“No, you don’t get it.” I lift up the yellow phone, as if to demonstrate how to use such a contraption. In one hand I take the receiver, in the other the plug. “I don’t speak to her through a medium. I speak to her on this telephone. I plug it into a socket in my bathroom and I’m allowed to call heaven.”

There, I’ve said it now.

Nobody moves.

Not a muscle.

Their mouths all open, Daniel’s is the widest. I don’t think any of them even realize they’re doing it. As feared, they are looking at me like I’m certifiably insane. 

“I can see you all think I’m mad.” I actually manage to pull a small smile. Now that I’ve started, I feel much calmer. “And, if I were in your position, I would think I’m crazy too. But one night my mother came to me in a dream and told me I could use this phone to call her in heaven and, bizarre though it must sound, it turns out she was right. That’s why I stopped coming to Grief Support Group every week. I wasn’t grieving so much because my mother had come back into my life.”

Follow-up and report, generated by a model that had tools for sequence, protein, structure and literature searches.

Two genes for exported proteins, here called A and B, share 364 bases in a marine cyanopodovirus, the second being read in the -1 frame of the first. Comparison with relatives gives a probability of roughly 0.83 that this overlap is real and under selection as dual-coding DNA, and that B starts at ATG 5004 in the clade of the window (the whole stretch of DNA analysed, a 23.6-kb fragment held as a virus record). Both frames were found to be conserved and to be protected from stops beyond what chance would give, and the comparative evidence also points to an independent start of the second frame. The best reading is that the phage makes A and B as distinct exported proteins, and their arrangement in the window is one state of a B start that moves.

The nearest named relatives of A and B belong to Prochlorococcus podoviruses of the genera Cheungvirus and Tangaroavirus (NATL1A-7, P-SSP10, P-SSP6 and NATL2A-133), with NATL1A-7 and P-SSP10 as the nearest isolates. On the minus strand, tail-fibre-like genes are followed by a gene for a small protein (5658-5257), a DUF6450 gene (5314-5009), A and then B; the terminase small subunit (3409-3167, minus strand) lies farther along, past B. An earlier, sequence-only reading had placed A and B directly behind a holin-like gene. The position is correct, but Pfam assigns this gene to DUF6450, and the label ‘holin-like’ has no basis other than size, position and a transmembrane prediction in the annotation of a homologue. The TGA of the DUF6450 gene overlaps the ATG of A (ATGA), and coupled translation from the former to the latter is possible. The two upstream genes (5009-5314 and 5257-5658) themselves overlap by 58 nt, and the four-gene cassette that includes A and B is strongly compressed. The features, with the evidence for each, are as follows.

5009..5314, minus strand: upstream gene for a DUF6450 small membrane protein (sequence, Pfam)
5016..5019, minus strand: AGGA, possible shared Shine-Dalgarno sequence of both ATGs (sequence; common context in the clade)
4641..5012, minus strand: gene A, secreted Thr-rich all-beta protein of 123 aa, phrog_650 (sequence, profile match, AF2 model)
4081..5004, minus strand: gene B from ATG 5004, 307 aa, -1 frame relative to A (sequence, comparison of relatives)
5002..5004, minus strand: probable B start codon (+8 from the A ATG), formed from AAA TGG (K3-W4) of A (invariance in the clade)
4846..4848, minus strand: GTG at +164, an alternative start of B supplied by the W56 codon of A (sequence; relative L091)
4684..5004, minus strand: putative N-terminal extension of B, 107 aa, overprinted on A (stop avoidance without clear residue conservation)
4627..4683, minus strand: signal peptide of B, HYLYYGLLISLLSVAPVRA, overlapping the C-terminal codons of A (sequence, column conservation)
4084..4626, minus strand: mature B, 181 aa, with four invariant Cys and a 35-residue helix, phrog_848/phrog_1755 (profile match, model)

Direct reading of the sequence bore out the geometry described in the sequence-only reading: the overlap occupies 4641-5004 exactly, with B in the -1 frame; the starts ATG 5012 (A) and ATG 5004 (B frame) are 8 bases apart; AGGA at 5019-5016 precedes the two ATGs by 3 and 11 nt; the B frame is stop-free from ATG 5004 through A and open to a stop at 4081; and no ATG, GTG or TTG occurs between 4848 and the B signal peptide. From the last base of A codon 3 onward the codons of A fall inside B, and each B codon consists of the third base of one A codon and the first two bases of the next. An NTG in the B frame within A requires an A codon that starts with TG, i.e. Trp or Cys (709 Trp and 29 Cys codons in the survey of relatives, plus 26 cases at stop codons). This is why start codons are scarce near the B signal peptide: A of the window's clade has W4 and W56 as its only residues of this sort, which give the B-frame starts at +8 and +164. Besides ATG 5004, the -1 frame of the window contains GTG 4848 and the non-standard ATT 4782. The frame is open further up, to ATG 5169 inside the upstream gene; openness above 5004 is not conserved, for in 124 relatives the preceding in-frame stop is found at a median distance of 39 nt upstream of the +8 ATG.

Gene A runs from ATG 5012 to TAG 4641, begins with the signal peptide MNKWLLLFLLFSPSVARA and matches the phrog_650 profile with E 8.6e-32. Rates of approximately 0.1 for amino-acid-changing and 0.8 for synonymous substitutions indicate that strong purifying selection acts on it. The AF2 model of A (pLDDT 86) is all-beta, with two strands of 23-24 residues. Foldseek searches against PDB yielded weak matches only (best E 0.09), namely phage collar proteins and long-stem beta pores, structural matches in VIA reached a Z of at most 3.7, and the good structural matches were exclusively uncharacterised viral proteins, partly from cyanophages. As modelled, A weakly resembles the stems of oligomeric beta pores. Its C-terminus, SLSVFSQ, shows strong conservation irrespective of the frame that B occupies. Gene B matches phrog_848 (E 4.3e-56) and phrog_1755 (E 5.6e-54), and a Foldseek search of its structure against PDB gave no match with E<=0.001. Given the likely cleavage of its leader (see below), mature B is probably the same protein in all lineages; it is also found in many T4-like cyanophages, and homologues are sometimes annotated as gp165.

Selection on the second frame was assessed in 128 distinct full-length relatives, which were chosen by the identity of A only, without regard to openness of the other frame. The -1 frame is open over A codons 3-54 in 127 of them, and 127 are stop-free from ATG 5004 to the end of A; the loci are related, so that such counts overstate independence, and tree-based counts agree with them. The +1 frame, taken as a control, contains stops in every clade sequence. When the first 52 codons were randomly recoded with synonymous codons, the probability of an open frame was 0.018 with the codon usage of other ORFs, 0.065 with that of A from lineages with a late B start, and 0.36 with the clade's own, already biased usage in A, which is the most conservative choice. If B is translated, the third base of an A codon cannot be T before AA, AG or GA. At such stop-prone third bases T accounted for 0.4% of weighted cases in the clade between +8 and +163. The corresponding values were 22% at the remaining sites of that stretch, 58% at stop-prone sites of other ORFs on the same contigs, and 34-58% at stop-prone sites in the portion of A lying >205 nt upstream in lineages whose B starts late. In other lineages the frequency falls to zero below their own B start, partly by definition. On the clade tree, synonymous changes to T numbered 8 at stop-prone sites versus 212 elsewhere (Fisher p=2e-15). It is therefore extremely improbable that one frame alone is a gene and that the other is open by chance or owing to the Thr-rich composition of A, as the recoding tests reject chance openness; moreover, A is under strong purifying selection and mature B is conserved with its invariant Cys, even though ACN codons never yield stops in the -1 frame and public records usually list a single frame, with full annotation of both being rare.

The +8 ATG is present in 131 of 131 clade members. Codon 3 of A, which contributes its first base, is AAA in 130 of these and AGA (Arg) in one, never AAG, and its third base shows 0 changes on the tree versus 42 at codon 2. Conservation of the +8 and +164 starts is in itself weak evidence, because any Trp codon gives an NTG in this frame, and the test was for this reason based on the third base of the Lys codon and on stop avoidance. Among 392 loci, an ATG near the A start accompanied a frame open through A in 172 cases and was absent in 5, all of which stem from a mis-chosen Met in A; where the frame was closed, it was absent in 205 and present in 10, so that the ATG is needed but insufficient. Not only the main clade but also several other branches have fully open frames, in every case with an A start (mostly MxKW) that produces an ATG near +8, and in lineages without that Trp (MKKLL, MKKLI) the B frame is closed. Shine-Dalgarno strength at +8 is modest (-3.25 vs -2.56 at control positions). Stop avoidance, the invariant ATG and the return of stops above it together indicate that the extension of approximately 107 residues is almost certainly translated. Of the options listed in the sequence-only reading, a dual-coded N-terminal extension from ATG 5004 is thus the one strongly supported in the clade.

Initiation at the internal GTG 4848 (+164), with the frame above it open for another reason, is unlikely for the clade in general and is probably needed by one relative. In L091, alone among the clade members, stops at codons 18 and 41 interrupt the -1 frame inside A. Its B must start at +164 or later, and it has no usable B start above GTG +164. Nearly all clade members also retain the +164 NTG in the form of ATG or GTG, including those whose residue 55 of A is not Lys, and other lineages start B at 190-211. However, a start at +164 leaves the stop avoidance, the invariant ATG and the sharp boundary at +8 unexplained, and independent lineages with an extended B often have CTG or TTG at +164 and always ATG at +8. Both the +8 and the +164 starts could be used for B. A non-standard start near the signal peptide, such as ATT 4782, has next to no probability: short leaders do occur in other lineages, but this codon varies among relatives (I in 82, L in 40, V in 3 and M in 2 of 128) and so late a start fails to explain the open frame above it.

The three pairs of eyes grow wider and wider, as if I’m slowly sprouting four serpent heads. I replace the receiver back into its cradle and drop the plug, holding out my hands in submission.

“You can believe me or not. It doesn’t matter. But the reason I’ve gathered you all here is because I’ve been asked to choose three other people to call to heaven.”

I sound like a fairy godmother or the good witch in the Wizard of Oz. I do not sound normal. I pause. The effect is dramatic although it’s not intended to be.

“And I’ve picked you guys.”

I look at them one by one.

“Beth, I know how much it might mean to you to be able to speak to your daughter and know that she is safe.”